Fire modelling shows in dry, windy conditions, an unattended campfire can become a bushfire in a matter of minutes. Embers can spark and start a fire that spreads quickly in the bush, putting people and the environment at risk.
After detecting 252 unattended and abandoned campfires across the state this summer, authorised officers will be on high alert as they patrol state forest campgrounds.
Campers are also reminded to check weather conditions are safe and familiarise themselves with Victoria’s campfire safety rules.
- In state forests, use a purpose-built fireplace if provided, otherwise use a trench greater than 30 cm deep. The campfire must not exceed one square metre, while three metres in the air and on the ground around your fire must be clear of flammable material.
- Branches and logs on your campfire must not exceed one metre in length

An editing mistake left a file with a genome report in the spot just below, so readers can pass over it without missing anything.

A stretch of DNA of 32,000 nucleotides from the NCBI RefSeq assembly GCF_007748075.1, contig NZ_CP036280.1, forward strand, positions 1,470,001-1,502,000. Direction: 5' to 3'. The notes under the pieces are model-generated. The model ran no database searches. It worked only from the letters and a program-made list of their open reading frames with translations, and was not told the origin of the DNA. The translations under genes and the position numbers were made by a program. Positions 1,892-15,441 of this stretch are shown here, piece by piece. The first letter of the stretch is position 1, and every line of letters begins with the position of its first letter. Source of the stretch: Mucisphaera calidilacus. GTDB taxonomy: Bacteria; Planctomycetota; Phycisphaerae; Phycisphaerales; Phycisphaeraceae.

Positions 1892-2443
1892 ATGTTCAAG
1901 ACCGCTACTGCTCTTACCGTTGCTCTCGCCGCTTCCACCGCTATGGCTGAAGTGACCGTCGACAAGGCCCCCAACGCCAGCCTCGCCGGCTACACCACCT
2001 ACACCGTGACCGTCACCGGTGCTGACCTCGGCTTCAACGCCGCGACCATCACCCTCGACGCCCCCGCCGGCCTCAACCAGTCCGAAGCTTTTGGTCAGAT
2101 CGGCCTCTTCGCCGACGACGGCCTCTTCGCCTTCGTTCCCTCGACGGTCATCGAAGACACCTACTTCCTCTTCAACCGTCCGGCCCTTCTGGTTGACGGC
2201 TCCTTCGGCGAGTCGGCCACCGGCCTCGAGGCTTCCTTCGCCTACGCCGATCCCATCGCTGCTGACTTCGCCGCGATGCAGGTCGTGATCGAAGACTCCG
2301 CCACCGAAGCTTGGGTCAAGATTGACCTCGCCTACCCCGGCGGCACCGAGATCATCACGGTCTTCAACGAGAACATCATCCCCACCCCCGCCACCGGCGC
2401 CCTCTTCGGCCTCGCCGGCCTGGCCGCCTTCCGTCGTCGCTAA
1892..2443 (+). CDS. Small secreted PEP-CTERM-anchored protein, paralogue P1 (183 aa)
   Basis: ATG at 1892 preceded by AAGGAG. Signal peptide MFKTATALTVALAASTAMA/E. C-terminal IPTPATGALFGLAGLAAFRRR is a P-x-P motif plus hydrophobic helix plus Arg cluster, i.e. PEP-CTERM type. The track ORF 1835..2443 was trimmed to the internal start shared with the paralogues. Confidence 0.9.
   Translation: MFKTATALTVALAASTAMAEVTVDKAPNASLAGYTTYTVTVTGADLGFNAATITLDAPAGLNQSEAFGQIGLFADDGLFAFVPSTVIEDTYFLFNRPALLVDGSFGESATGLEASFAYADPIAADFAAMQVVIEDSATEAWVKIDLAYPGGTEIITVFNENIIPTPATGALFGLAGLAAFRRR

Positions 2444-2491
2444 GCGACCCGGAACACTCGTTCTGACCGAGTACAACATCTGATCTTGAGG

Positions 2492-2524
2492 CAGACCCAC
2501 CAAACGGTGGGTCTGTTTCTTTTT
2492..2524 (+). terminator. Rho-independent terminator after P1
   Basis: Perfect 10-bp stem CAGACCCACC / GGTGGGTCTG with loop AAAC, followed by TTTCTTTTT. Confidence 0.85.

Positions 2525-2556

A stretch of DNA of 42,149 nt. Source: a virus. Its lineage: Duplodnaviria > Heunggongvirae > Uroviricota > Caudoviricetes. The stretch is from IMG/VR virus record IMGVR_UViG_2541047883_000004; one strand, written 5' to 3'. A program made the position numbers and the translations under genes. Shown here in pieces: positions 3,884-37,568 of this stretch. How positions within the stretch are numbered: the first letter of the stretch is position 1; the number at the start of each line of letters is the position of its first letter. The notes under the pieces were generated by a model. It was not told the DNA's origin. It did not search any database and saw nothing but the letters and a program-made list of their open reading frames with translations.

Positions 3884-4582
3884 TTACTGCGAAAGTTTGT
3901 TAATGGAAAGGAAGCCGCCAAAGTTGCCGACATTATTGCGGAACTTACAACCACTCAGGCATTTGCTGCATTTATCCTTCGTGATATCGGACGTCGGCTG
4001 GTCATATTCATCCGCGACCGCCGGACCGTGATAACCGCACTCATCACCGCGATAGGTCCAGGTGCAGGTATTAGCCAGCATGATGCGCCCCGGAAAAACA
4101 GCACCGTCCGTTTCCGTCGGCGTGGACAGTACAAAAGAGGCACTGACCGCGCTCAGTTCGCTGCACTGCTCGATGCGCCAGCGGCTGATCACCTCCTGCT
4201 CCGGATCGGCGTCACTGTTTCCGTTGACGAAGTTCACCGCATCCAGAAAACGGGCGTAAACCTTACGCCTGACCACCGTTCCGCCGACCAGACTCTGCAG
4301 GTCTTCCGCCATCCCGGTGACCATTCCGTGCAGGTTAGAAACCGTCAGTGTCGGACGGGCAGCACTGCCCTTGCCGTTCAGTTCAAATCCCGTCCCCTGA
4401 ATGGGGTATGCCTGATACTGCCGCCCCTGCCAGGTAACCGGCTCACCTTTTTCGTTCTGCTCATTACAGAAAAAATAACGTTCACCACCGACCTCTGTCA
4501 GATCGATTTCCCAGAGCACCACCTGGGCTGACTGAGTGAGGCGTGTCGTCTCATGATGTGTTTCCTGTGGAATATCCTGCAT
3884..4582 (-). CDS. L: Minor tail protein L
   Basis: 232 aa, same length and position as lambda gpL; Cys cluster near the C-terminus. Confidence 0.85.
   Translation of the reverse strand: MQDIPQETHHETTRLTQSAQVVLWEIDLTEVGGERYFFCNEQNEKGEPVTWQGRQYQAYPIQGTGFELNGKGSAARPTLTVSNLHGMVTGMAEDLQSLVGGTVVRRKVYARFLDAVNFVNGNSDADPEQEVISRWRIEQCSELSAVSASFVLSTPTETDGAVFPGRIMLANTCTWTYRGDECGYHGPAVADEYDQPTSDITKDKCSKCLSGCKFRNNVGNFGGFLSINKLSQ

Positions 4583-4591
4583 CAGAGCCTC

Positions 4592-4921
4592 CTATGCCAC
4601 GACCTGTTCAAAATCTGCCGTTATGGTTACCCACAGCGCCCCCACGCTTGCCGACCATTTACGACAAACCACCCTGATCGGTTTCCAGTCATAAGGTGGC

- Never leave a campfire unattended – stay within 50m and in sight
- Campfires must be extinguished with water, not soil, as fires can still smoulder under soil. If a fire is cool to touch, it is safe to leave.
On the spot fines of $496 apply to those breaching campfire rules or a maximum penalty of up to $16,522 if the matter is prosecuted in court. The maximum penalty for lighting a fire in the open air on a day of Total Fire Ban is $39,652 or two years imprisonment, or both.
Quotes attributable to Chief Conservation Regulator, Kate Gavens
“Unattended and abandoned campfires can have devastating consequences to local communities and the environment. The risk is real and can be prevented if all campers take responsibility to know and abide by campfire rules.”
Quotes attributable to FFMVic Chief Fire Officer, Chris Hardman
“It just takes one ember to cause a destructive bushfire, which is why there are significant fines for those who leave campfires unattended."
Quotes attributable to CFA Chief Officer, Jason Heffernan
“I urge visitors and residents in regional Victoria to take extreme care. I know Victorians are keen to get out there to explore and enjoy our amazing state, but it’s also one of the most fire prone regions in the world."
Reviewed 23 June 2021